Room of the Marching Priests
Crocodiles, in Mesoamerica, were associated with fertility and the arrival of rains. The priest's face is striped with horizontal bands of dark paint and he wears an elaborate costume that extends to his knees. In one of his hands, he holds a small satchel, marking him as a priest. The satchel probably contains copal incense. With the other hand, the priest sows seeds, another reference to fertility. A speech scroll extends in front of him but, unlike scrolls in other murals, this one emerges from his hand, not his mouth. The placement may relate to the seeds or the action of sowing, particularly since plants appear to be growing from the sides of the scroll and maiz (corn) and flowers can be seen within it.
Mural of the Water Mountain
Tlalocan, one of the 13 levels of heaven, ruled by Tlaloc, the Rain God. Tlalocan was a place of abundant water and never-ending springtime. The images seemed to fit Aztec beliefs about Tlaloc, but they arrived on the scene many centuries after Teotihuacán was abandoned. Many archeologists now believe that, rather than Tlalocan, this image represents Cerro Gordo, the extinct volcano that rises to the north of Teotihuacán, behind the Pyramid of the Moon. The mountain was revered by the Teotihuacanos as the source of their city's water. Current opinion now holds that the mural depicts Cerro Gordo as the sacred "Water Mountain", associated with the Great Goddess--Teotihuacán's chief deity--rather than Tlaloc.
The Tlaloc Murals
numeric system used in pre-hispanic times gave values to dots and dashes: a dot equalled 1 and a dash equalled 5. If the symbols are numeric, it would show a series of elevens along the border of the mural. It is not clear which interpretation might be correct.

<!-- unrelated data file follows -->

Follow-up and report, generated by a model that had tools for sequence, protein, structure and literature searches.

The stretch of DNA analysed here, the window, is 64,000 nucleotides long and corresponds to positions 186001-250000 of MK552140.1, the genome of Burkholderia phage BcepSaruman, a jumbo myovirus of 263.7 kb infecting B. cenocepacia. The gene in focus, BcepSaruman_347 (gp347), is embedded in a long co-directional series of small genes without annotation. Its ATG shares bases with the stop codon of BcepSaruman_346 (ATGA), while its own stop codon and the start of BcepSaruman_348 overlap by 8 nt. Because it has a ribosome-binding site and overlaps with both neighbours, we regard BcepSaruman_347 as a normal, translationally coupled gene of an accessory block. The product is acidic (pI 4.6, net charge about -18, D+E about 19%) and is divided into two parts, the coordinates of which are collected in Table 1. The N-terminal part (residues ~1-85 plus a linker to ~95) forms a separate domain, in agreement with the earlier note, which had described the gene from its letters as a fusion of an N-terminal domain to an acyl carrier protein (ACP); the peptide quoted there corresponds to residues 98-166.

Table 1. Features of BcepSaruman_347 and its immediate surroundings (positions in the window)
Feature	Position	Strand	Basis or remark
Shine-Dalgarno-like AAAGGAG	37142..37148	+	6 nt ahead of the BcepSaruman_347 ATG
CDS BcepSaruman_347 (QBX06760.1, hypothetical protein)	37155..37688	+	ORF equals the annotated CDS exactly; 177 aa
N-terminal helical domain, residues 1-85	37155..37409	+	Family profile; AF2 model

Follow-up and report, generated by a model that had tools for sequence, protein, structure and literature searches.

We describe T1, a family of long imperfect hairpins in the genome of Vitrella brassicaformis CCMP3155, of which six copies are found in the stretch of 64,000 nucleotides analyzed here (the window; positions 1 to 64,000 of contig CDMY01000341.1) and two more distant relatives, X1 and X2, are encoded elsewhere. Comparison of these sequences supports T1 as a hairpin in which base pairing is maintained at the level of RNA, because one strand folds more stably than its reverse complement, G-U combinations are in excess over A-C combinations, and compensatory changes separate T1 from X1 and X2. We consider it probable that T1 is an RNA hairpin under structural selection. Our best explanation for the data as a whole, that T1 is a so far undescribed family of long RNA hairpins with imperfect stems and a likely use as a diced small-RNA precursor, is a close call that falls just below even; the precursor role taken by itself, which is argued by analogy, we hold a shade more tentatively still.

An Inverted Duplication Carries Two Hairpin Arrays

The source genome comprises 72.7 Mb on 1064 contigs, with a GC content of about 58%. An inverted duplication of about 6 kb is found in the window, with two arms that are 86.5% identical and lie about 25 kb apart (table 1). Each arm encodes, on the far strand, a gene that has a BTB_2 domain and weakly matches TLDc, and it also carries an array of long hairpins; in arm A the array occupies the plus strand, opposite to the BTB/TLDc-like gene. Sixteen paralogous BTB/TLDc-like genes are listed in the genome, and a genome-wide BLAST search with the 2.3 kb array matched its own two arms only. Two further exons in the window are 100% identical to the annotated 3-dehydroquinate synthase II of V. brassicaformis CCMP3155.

Mural of the Red Shields
Teotihuacán war shields were square or rectangular, not round, so it is possible that the image has some other meaning besides a military one. If it does represent a warrior's shield, it may reflect the multi-cultural nature of Teotihuacán, which people from the Maya areas, the Zapotec kingdom of Monte Alban, as well as other parts of Mesoamerica.
appears on a stela at Xochicalco in the middle of a plaza that forms the entrance to that city. Archeologists believe that Xochicalco was founded by refugees from the collapse of Teotihuacán in 650 AD. Like Teotihuacan, images and references to the Plumed Serpent appear throughout Xochicalco.
Mural of the Four Petal Flowers
Pyramid of the Sun ends in chambers shaped like a four-petal flower. Four-petal flowers also appear in relief carvings on the columns at the Palace of Quetzalpapalotl, near the Pyramid of the Moon. There are many more examples to be found throughout the city. The four-petal flower symbolized the earth, with its four sacred directions. The designers of Teotihuacán divided the city into four quadrants, separated from north to south by the Avenue of the Dead. Another east to west avenue crossed the Avenue of the Dead perpendicularly at the Citadel. All this represented a conscious and deliberate attempt to build a city that imitated the cosmos with Teotihuacán at the center of the "four-petal" earth.
This completes my posting on Palacio Tepantitla. I hope you enjoyed the murals of this extraordinary compound. If you have any comments or questions, please leave them in the Comments section below, or email me directly.
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Hasta luego, Jim